Is There a Long-Term Effect of Africa's Slave Trades?

49 Pages Posted: 18 Dec 2013

See all articles by Margherita Bottero

Margherita Bottero

Bank of Italy

Björn Wallace

University of Cambridge - Faculty of Economics and Politics

Date Written: April 26, 2013

Abstract

Nunn (2008) found a negative relationship between past slave exports and economic performance within Africa. Here we investigate these findings and the suggested causal pathway in further detail. Extending the sample period back in time we reveal that the coefficient on slave exports did not become significantly negative until 1970, and that it was close to zero in 1960. While one potential explanation for this temporal pattern could be decolonization, we analyse other episodes of slave raiding outside Africa, and find evidence that questions the validity of such suggestion. In addition, our reading of the historical and anthropological literature differs from that of Nunn. For instance, taking a global rather than African perspective we find that the African slave trades cannot without difficulties explain the patterns of ethnic fractionalization that we observe today.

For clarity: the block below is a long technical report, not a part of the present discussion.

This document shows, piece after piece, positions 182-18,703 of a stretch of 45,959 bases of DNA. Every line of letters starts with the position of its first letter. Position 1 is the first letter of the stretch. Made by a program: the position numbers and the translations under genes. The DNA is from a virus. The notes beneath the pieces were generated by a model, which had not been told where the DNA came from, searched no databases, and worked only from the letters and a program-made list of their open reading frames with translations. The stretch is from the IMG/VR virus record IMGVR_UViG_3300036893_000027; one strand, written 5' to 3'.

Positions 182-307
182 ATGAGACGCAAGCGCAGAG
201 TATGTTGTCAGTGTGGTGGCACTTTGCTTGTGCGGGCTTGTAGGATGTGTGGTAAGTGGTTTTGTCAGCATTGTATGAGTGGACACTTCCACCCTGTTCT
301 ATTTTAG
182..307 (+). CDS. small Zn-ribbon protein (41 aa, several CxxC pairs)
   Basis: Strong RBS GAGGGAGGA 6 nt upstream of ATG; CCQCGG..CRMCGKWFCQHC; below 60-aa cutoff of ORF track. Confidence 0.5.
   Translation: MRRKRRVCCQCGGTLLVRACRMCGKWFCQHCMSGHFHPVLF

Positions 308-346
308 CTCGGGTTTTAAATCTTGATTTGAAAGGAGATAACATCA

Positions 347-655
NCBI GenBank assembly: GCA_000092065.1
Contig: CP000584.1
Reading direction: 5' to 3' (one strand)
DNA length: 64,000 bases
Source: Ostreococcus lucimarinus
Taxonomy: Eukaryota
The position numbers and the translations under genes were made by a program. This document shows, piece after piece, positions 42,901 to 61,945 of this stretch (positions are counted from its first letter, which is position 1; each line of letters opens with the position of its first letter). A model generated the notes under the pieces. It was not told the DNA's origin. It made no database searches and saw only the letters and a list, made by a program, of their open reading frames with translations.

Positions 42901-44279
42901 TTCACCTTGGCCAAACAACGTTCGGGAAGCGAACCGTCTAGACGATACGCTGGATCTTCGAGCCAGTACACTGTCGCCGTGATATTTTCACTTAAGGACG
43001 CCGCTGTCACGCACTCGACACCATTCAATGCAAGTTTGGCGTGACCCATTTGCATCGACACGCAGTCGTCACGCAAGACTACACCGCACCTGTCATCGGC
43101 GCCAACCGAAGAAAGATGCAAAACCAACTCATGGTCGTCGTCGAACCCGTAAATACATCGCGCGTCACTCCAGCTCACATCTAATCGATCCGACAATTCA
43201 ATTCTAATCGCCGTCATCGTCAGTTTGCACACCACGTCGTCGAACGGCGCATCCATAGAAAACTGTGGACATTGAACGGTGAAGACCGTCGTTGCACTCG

Keywords: Africa, economic history, history, slave trade

JEL Classification: N01, N37, N47

Suggested Citation

Bottero, Margherita and Wallace, Björn, Is There a Long-Term Effect of Africa's Slave Trades? (April 26, 2013). Bank of Italy Economic History Working Paper No. 30. Available at SSRN: https://ssrn.com/abstract=2369290 or http://dx.doi.org/10.2139/ssrn.2369290

Margherita Bottero (Contact Author)

Bank of Italy ( email )

Via Nazionale 91
Rome, 00184
Italy

Björn Wallace

University of Cambridge - Faculty of Economics and Politics ( email )

Austin Robinson Building
Sidgwick Avenue
Cambridge, CB3 9DD
United Kingdom

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